After a frustrating start to the season, Navy head coach Ken Niumatalolo said the Midshipmen used the much-needed bye week to get back to the basics.
“You just go back to fundamentals. We know what works. We’ve got to go back and execute,” Niumatalolo said Sept. 20. “Air Force got after us. Looking at Marshall, I feel like we executed. We just didn’t finish in the red zone, which we’re normally pretty good at.”
In analyzing his team’s 0-2 start to the year, Niumatalolo was able to find some positives from Navy’s 49-7, season-opening loss to Marshall. His team rushed for 337 yards that afternoon, more than it did in any game last season.
But there was little to build upon the following week when the Midshipmen were thwarted, 23-3, by service academy rival Air Force on the 20th anniversary of the Sept. 11 attacks. Navy gained a total of 68 yards that day, the fewest for the program since a 1966 loss to Notre Dame. Five of its six first downs came in the fourth quarter, as did all 32 passing yards.
The ghastly performance led athletic director Chet Gladchuk to take the unprecedented step to fire longtime offensive coordinator Ivin Jasper immediately after the game without involving the head coach in the decision, a break in the chain of command instilled in all who attend the Naval Academy.
Niumatalolo announced Sept. 13 that he had met with Gladchuk the previous day and Jasper had been reinstated in a reduced role as quarterbacks coach.
“That was a hard deal, probably one of the hardest deals I’ve had to deal with as a coach. Those kids love Coach Jasper. Those kids were crushed, but Coach just came in and kept working like nothing happened, kept pressing forward,” Niumatalolo said. “I’d be lying if I said it didn’t take a toll.”
Niumatalolo will assume the responsibility of calling plays the rest of the season, which he said he did in Navy’s first game against Marshall and each of the last two seasons.
The Midshipmen will begin their attempt to turn the season around Sept. 25 against the University of Houston in their first American Athletic Conference game and first road contest of the year. It starts a difficult stretch of the season that features two games against teams ranked in the top 12 nationally in Cincinnati and Notre Dame.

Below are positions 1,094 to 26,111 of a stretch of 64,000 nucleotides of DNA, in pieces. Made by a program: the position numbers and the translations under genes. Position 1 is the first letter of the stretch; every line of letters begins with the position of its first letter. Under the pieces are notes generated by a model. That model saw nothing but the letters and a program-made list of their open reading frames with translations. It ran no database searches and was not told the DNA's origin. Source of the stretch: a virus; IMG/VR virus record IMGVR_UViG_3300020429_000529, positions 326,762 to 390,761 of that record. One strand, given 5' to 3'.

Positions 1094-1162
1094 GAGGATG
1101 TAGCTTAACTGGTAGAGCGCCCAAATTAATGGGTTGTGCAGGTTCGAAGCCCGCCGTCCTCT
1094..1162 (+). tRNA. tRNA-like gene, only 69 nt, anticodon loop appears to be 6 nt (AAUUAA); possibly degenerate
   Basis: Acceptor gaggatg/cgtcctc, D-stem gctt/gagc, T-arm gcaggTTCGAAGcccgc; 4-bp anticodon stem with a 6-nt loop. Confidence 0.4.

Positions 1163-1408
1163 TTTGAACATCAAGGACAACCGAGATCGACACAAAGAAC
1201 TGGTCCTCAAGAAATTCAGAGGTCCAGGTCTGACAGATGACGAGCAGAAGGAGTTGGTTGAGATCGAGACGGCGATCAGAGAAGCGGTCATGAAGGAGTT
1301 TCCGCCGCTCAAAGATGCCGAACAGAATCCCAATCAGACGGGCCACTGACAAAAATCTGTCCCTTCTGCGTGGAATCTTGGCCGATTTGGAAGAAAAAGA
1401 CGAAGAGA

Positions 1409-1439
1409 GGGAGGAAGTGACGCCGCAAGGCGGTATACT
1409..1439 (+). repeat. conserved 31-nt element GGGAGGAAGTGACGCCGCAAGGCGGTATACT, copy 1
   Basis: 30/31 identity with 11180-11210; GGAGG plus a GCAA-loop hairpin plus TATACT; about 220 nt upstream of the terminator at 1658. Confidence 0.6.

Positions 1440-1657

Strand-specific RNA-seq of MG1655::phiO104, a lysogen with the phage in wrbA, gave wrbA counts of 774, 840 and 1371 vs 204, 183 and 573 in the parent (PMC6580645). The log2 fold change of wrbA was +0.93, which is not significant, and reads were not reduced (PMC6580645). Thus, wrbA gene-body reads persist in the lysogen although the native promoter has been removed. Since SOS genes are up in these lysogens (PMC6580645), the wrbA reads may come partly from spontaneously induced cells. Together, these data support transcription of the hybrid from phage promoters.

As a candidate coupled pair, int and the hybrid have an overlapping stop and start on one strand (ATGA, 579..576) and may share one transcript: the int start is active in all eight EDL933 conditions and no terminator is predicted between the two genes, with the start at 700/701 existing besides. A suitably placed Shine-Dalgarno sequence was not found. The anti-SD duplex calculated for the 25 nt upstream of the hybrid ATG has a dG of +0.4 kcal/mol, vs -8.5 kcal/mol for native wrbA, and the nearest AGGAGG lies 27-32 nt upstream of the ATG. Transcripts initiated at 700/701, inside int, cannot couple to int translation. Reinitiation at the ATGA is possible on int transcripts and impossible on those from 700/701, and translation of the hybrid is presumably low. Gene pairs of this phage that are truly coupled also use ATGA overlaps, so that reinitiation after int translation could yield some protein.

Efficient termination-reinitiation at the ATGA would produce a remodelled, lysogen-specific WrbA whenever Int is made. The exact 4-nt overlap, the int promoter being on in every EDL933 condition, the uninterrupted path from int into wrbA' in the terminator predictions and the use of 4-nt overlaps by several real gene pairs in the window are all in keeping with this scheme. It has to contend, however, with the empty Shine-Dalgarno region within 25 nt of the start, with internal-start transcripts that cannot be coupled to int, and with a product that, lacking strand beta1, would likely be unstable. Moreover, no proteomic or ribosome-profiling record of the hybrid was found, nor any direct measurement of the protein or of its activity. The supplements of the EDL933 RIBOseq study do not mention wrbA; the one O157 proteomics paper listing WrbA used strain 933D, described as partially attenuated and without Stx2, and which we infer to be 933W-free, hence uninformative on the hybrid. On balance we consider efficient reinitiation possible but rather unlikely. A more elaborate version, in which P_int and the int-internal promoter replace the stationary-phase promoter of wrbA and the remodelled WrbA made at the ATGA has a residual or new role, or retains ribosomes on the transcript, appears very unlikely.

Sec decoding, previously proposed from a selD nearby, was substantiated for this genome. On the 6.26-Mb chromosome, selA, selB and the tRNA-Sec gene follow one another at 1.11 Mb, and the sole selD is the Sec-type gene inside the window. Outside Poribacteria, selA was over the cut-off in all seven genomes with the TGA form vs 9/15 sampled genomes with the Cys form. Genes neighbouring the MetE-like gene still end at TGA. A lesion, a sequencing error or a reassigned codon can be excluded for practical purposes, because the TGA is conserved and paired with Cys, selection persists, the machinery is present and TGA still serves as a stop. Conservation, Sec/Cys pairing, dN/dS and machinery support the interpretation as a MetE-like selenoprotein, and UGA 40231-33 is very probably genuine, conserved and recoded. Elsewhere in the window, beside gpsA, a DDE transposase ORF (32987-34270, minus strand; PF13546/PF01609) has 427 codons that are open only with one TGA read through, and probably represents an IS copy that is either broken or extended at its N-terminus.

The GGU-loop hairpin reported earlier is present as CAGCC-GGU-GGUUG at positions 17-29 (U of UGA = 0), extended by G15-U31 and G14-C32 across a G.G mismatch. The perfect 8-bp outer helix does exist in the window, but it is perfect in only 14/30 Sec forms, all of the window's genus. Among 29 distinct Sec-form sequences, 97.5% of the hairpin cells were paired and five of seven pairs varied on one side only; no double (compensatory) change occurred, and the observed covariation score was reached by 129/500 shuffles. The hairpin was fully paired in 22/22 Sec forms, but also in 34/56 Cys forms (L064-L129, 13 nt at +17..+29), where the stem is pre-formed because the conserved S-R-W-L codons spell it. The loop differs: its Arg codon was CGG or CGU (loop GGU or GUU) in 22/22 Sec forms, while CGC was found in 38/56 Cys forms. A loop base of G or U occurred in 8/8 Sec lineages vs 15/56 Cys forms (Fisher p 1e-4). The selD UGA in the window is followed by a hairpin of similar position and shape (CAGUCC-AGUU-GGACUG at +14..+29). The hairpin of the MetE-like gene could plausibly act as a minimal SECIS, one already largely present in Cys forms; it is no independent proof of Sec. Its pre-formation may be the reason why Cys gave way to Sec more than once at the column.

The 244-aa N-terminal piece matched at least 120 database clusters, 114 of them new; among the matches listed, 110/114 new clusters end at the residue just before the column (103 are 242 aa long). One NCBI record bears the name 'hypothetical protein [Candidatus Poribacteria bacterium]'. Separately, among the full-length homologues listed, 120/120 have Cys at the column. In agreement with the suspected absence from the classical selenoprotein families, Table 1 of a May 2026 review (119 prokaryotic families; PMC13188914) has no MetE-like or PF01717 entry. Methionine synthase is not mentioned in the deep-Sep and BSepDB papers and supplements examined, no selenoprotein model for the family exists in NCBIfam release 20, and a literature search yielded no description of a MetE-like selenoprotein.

Niumatalolo said he was encouraged by his team’s response to the recent adversity. The season is far from over with 10, or “hopefully 11,” games remaining. He added he was encouraged by the work ethic and attitude of the players during the bye week.
“We have so much to play for,” he said. “It’s a long season. We’ve just got to keep going, keep grinding.”
Houston comes into the conference opener with a 2-1 record. The Cougars suffered their lone loss to Texas Tech Sept. 4 before beating Rice and Grambling State by lopsided scores each of the next two weeks.
Along with a struggling offensive line, underwhelming quarterback play has led to Navy’s offensive woes. Questions persist at the position, as the status of Tai Lavatai remains unclear. The sophomore started the season opener but left early in the second half with an injury and did not play against Air Force. Fellow sophomore Xavier Arline did not complete a single pass while starting in his place and failed to turn Navy’s triple-option offense into the successful rushing attack fans have become accustomed to watching.
“Tai had a good week of rehab. He’s going to practice [Sept. 20] and we’ll see how that goes,” Niumatalolo responded when asked about Lavatai’s potential return. “We’re encouraged by his progress.”
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